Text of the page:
I love simplicity. When we live a life of simplicity, we have time for who and what we love. It is an inspiring ideal, like balance, that will probably always tease me with it’s down to earth reality check and natural beauty. Simplicity requires us to prioritize and stick to what really matters.
Albert Einstein said, “Everything should be made as simple as possible, but not simpler.”
Simplify Your Home or Workspace
Our environment is something we have some control over. We can immediately simplify by letting things go. I have a talent for seeing the potential usefulness of everything, so it is no wonder I needed to simplify my home. Everything can’t be kept on hand just in case.
If you don’t have money to decorate or buy things for your home, you might have fun discovering that getting rid of things can be just as thrilling. It opens up space, makes room for possibilities, makes your home or office visually less stimulating. Just like our lives need focus and purpose, our environments have purpose and are more efficient when we are very intentional about what things we have and where and how they are located.
Fly Lady suggests that when you clean out a spot, you have three boxes handy marked “give away, throw away, and put away.” I love that it is such a simple solution. No matter how complex the mess, all that miscellaneous stuff can be sorted into one of those four places: Where it is, where it should be, in the trash, or given to someone else who will use it.
Simplify Your Diet
I love variety. If you are a “variable” you will know how hard it is to just suffer through sameness. We thrive on novel, new, interesting changes. But all that changing is way more complicated than not changing. For those of you that love stability and predictability and a calm life, this is not news to you, I’m sure. But, it was a novel (yes new!) idea for me to think about trading in some variety for simplicity in areas that were not important to me.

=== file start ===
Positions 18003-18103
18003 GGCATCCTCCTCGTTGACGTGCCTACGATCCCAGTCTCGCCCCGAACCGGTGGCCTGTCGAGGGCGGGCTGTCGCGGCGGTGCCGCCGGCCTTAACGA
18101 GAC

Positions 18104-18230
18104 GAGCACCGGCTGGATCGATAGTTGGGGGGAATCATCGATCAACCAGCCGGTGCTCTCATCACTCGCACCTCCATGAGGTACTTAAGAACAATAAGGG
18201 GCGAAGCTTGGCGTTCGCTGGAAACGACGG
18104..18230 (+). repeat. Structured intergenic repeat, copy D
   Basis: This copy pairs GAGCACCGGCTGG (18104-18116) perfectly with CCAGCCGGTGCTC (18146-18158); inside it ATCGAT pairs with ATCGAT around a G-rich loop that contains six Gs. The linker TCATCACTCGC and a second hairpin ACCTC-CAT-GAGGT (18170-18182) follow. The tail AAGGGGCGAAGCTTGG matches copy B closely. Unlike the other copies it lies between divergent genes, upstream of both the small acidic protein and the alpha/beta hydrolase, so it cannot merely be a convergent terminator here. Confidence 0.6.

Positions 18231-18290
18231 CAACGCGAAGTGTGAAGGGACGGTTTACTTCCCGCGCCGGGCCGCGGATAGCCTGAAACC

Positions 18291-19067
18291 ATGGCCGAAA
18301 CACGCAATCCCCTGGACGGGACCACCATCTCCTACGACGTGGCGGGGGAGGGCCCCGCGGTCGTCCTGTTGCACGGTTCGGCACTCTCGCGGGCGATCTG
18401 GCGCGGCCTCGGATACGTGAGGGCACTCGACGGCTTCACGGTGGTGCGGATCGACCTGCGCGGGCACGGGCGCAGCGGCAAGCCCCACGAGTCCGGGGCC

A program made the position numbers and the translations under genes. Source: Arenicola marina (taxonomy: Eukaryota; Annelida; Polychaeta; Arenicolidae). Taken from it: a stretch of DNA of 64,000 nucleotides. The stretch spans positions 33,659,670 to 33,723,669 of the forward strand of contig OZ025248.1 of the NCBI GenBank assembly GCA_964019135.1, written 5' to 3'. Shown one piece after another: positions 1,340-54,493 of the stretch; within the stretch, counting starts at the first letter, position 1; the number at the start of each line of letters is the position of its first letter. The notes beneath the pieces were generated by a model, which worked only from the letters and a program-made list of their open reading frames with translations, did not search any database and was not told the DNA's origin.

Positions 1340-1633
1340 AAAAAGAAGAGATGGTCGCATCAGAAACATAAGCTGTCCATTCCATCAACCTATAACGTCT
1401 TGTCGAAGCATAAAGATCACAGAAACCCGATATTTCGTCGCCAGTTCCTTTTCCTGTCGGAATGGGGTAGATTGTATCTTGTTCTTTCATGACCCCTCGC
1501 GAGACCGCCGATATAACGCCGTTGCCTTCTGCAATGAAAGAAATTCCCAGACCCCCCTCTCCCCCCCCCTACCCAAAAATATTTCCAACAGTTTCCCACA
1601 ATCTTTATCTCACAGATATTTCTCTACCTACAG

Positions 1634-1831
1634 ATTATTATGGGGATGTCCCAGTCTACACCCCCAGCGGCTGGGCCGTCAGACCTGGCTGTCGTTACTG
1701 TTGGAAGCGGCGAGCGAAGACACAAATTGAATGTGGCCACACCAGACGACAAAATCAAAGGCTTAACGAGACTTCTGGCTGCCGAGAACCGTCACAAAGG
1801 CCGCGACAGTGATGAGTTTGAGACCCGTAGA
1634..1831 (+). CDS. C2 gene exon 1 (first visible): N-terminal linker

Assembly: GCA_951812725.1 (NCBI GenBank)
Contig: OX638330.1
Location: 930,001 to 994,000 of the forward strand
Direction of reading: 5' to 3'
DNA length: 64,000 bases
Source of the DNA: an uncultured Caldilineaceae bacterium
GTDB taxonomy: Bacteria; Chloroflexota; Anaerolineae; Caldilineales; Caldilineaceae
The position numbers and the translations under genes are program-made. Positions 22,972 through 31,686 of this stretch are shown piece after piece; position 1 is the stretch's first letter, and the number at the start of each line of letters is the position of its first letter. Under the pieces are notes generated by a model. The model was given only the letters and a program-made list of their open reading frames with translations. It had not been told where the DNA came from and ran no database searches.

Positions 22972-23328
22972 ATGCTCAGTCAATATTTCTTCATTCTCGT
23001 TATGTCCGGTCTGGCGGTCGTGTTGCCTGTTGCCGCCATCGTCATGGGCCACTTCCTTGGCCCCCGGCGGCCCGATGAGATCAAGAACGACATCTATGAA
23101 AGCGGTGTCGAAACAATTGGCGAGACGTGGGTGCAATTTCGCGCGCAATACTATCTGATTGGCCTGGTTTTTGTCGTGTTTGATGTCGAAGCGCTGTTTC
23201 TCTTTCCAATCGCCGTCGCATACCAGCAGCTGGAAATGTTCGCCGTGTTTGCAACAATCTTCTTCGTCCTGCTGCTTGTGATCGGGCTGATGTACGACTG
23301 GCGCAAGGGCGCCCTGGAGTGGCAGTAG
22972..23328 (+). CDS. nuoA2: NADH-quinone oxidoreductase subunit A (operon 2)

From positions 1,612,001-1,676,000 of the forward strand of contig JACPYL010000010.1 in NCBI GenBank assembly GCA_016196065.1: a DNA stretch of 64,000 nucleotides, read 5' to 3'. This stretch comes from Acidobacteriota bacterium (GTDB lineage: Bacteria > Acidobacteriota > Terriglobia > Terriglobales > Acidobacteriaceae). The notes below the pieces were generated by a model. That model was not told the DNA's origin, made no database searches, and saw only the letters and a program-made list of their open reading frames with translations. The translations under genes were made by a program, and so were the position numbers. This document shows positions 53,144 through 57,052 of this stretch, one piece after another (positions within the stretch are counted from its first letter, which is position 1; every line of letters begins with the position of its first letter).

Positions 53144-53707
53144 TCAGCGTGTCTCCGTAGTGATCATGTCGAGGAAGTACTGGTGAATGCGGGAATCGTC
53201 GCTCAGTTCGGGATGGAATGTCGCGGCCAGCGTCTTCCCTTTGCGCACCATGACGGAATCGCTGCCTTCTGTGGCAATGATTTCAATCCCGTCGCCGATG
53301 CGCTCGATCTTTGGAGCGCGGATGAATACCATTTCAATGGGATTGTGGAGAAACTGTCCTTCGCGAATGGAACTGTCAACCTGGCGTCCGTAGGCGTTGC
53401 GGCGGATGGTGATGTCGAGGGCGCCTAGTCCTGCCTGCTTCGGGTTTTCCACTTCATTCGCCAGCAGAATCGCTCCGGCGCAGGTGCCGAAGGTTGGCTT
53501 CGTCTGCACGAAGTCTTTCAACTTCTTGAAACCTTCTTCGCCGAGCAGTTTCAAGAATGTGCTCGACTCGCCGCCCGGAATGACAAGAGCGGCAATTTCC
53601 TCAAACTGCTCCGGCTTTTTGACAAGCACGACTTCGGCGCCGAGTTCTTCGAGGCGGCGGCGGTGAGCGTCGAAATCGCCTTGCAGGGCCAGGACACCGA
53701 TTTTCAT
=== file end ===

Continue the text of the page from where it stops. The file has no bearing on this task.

For example, we eat oatmeal now as a family almost every morning for breakfast. It is healthy. It is fast. It is inexpensive. It makes very little mess to make and clean up. It has plenty of fiber that several of us need in our diet, and we can put different toppings on it to spice it up. Having less variety in our menu planning even makes grocery shopping easier. Oatmeal. Check. Simple.
I used to have a new thing I’d try to make for breakfast every day. I haven’t lost any of my love for variety, change and challenge. But, in the morning, I don’t want that to be my focus. I want to spend time on routine things that make my whole day a success. I want to very easily get breakfast on the table on time, and I want to know exactly how long that will take (under 3 minutes in the microwave). It is vitally important that we eat well. But, it is also important that we be on time and calm enough to get the day off to a great start. You could experiment and see what works for you. For us, this plan has been well worth the sacrifice.
Simplify Your Calendar
It seems that everybody suffers from an imbalance in this area. Your calendar is a commitment to how you will spend your life, and it seems like everyone else is willing and ready to fill the whole thing. Every group you are in may schedule things for you, the schools, work, church, etc. Either that, or you have nothing whatever going on and every day looks the same, blank calendar, just routine. Some people need to shake up their life and add some appointments for their own happiness while others need to add boundaries, say ‘no’ or ‘yes when’ more often and take back at least some control. I have been in both situations.
Appointments stress me. They break up my time slots in the day, and I do best with big open spaces for projects where I can relax, completely focus on what I’m doing and lose track of time (an experience called flow). I can’t live my calmest, best way with my days chopped up all over in little bits. So, for me, simplifying my calendar meant not allowing things to be scheduled on Mondays or Thursdays and keeping all doctors and dental type appointments on Wednesdays. This has been a simple way for me to cope with this problem. I prefer one day full of appointments and errands rather than a smattering of them daily throughout the week.